"Just because every other sport in the UK has shut down doesn't mean it's right for racing," she says. "It's a rubbish reason. You have to take everything on a case-by-case situation. I can't see why racing can't continue. If they can introduce these measures in Ireland then why couldn't we have them in Britain? The lads in the yard are still looking after the horses, they're still riding the horses. If they can ride them on the gallops here then why can't they do it at the racetrack?

"There are more important things going on, of course, but I'm just giving the racing side of it. Today, I'm grumpy. I get cross. If we were racing behind closed doors and with tight restrictions then at least we'd have it on telly, we'd have prize money, we'd have betting income, we'd have owners who have a chance of getting a return on their investment, we'd have stables and racecourses that are not under threat.

"We've had a bit of a knee jerk reaction by cancelling it all. Is that a British thing? Maybe it is. Racing was cancelled very early when we could have kept on racing this week, maybe next week. Things will change and there would be a time when we would have had to stop, but at the moment I can't understand why we're stopping everything."

'They have an unfair advantage in Ireland now'

Russell's view might not be a popular one outside of her own world, but inside racing she'll have a lot of support from trainers who are now looking at an indefinite period of time with no action. She's not planning on laying off anybody from her Milnathort yard and praises all of her staff to the hilt for their cheery disposition in the face of such uncertainty.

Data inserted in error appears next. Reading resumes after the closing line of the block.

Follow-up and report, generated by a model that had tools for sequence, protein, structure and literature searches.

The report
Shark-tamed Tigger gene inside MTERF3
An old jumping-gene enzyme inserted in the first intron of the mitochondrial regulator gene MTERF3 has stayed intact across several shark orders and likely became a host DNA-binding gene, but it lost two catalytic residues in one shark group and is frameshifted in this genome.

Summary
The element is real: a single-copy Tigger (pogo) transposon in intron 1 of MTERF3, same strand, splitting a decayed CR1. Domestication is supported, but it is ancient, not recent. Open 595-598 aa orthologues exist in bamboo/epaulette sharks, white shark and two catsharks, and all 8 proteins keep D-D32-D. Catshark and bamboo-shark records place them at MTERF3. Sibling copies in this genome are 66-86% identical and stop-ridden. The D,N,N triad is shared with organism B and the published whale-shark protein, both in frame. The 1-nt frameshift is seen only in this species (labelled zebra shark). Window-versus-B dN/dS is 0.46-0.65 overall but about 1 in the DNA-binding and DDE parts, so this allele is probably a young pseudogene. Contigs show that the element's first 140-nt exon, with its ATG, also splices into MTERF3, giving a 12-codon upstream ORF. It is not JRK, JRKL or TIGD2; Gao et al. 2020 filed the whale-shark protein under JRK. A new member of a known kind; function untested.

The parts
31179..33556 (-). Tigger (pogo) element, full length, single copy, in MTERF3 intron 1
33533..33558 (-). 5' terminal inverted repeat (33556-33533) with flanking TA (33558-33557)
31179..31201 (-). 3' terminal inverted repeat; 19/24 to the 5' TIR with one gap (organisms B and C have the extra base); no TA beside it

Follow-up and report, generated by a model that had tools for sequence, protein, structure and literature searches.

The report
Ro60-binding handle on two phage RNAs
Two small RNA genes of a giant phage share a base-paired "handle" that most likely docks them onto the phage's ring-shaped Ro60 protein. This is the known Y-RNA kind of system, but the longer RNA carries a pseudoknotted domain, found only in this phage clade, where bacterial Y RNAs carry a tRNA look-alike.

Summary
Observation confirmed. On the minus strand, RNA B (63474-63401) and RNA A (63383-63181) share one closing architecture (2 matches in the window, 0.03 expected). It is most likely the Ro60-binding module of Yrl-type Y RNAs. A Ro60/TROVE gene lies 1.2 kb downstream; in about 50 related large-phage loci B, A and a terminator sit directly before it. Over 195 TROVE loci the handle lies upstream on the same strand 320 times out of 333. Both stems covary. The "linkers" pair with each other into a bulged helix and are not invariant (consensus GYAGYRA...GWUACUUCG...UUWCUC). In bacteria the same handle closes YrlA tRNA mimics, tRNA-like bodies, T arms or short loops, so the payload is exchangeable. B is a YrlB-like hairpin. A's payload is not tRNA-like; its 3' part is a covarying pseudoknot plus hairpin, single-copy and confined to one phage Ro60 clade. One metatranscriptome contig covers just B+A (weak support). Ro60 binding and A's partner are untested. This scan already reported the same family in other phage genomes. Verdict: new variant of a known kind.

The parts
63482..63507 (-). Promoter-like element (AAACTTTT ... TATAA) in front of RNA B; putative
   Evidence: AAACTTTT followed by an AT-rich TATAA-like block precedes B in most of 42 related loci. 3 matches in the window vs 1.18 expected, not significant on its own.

"We have a great team and they're just getting on with it," she says. "The scary thing is that we don't know how long we're going to be like this.

"I just get annoyed when I see what they are doing in Ireland. It's a massive industry in Ireland and they are finding a way of protecting it, as best they can. But it's a massive industry in Britain as well. I don't know if the BHA (British Horseracing Authority) have spoken out strongly enough about it.

"In Ireland, they have thought it out, they're not just doing it willy nilly. They are giving their industry a chance to survive. I haven't spoken to the BHA because I've been so cross and when I get cross I can't talk about it. They have an unfair advantage in Ireland now. We've just had Cheltenham and the Irish have walked all over us again and won all the big races and why is that? They have the support and the mentality to stand up for racing."

Arthur will have to wait another year for the National. He'll be 12-years-old by then. Not many 12-year-olds get themselves in the shake-up in the big race, but he doesn't owe a thing to anybody. Like the industry itself, he'll have a long rest now, but how long? And what will the industry look like on the other side?

There are infinitely bigger questions around the coronavirus, but that doesn't invalidate the concerns of the sporting world or lessen the worry of people like Russell as she tries to keep the show on the road.